Why Cameron might give humbled Clegg a real job
The Mole: The PM could give Clegg a proper job at Health – thus killing two birds with one stone
David Cameron will appear alongside the Liberal Democrat leader Nick Clegg next week to show that despite the watershed defeat for the 'Yes' campaign in the referendum on electoral reform - in which more than two-thirds of voters rejected change - it's 'business as usual' for the coalition.
The image of Cameron and Clegg together again may be about as convincing as a heart surgeon propping up a dead corpse. If there were an election any day soon, the Liberal Democrats would be deader than the SDP dead parrot.
But senior Tories, who campaigned so vigorously for the 'No' vote, are now seriously worried that smashing for a generation the Lib Dems' hopes of electoral reform will lead Cameron to offer more concessions to Clegg to keep the coalition government alive long enough to serve a full five-year term.
Tories like Bernard Jenkin, a member of the Conservative 1922 Committee, want Cameron to make no further concessions to the Lib Dems, over what they see as dumb side-issues, and instead stick to the plot of getting Britain out of the economic mess it was left in by Labour.
Cameron can expect a very lively 1922 Committee. They will give him a desk-banging welcome at their weekly meeting, following the remarkable showing by the Tories in the local elections.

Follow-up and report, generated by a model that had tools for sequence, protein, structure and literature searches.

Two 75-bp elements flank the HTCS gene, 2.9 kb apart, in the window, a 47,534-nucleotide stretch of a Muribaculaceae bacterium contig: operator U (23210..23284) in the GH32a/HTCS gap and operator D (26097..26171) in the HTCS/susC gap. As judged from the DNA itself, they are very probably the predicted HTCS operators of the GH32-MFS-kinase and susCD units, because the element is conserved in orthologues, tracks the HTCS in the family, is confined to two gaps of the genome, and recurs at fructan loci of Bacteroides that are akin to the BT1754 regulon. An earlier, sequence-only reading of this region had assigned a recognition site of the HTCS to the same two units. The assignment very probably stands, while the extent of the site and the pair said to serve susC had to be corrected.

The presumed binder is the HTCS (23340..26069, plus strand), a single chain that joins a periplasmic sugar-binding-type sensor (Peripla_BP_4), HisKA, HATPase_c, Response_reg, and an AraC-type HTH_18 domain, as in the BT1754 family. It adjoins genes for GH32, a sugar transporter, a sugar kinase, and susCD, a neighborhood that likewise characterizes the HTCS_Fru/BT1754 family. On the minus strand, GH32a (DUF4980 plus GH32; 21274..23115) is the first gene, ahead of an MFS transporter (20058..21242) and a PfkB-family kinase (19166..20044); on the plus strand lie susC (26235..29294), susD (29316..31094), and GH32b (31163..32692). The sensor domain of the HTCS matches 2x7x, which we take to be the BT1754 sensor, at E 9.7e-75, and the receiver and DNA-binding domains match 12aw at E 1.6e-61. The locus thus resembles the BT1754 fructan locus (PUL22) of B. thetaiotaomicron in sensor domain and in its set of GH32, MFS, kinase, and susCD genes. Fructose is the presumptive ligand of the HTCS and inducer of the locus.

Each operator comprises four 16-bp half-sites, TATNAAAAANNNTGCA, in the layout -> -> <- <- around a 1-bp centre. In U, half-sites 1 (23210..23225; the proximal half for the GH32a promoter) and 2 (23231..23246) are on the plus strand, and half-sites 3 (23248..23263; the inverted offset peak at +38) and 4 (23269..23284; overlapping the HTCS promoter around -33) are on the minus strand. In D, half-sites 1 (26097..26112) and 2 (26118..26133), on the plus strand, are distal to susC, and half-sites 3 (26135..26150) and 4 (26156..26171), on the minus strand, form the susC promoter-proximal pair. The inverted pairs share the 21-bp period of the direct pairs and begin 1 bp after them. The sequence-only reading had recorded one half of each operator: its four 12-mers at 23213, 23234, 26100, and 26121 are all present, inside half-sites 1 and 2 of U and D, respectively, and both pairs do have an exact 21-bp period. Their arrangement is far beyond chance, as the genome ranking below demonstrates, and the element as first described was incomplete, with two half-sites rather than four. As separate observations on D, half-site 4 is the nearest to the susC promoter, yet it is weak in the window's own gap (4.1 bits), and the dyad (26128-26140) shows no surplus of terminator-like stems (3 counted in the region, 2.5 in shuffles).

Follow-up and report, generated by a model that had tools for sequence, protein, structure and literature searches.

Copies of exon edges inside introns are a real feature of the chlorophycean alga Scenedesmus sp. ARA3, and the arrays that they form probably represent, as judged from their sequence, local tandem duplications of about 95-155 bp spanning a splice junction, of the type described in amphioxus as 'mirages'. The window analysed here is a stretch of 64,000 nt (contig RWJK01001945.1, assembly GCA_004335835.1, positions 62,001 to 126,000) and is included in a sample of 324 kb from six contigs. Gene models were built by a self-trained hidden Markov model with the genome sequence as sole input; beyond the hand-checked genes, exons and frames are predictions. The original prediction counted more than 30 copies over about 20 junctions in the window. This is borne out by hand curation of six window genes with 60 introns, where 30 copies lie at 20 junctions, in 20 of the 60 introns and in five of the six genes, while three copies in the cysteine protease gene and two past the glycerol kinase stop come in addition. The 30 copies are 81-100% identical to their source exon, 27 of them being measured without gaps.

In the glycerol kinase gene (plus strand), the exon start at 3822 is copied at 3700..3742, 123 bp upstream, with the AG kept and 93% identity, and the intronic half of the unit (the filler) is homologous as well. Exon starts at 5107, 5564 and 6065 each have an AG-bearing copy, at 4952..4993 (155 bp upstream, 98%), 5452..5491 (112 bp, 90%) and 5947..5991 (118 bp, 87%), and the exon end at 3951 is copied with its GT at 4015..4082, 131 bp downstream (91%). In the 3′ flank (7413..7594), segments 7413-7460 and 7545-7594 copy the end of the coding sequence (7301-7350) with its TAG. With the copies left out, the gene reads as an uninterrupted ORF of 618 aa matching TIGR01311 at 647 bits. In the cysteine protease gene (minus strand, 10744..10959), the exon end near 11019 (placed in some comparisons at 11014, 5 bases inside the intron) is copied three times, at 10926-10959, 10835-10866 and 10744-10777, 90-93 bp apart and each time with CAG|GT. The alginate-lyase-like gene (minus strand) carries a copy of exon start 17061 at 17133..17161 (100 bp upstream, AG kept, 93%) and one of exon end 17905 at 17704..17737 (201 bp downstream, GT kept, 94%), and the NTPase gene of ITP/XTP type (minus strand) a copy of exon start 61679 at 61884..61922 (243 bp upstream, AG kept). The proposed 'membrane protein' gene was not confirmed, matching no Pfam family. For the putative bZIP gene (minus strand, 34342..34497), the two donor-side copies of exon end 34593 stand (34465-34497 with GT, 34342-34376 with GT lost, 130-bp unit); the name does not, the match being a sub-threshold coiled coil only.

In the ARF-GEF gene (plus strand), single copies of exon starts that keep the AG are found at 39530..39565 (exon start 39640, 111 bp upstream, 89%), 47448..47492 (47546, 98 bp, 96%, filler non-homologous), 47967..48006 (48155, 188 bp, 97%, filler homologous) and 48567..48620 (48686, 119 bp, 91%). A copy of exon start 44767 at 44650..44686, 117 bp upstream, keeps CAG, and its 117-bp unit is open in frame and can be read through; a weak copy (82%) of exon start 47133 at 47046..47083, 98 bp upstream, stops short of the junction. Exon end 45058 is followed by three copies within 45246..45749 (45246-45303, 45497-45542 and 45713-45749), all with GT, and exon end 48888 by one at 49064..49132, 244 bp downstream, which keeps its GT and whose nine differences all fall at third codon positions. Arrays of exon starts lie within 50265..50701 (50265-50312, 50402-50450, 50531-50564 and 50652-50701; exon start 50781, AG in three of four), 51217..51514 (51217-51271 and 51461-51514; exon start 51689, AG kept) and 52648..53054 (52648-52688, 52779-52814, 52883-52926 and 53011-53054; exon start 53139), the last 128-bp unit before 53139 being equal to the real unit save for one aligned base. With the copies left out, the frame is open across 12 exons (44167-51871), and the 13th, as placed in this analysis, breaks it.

The headline result from Thursday's elections was the town hall wipeout of the Lib Dems, which Clegg himself has had to admit was "a real knock".
But just as noteworthy is that the Tories trailed Labour by only two percentage points, despite the unpopularity of the public spending cuts. That has given them real optimism that if this is as bad as it can get, they can pull off a victory at the next election which would enable them to dump the Liberal Democrats altogether.
Jenkin broke cover on the BBC Today programme to call on Cameron not to let Clegg get the coalition bogged down in another potentially dangerous distraction - the reform of the House of Lords.
Cameron is due to publish the Government's proposals for reforming the Lords by the end of the month. All three parties were committed to Lords reform in their election manifestoes, but Tory grandees like Jenkin (his dad was one of Thatcher's Cabinet ministers) want it dropped because it threatens to spark a long, debilitating battle with the existing life peers, who don't want to lose their seats, and fear directly electing the Lords would lead to a constitutional clash with the Commons.
A campaign team has already been formed in the Lords to fight the idea of direct elections to the Upper House, including Betty Boothroyd, the former (and best) Speaker of the Commons.
"Reform of the House of Lords is not a doorstep issue," Jenkin told Today. The issues that came up on the doorstep during the local elections and the AV referendum campaign were the economy, the economy, and the economy.
Meanwhile, like Maria, the singing nun in The Sound of Music, Cameron doesn't know what to do about Clegg. He is being urged to give the Deputy Prime Minister a 'proper' job in the coming reshuffle in July by landing him with a big Whitehall department to run, instead of the non-existant DPM's office. That would keep his hands full and stop him meddling in all sorts of little pies like Lords reform.
One option could be to give Clegg Andrew Lansley's job as Secretary of State for Health. Lansley's health reforms are in a mess and currently shelved. It could kill two birds with one stone. ·
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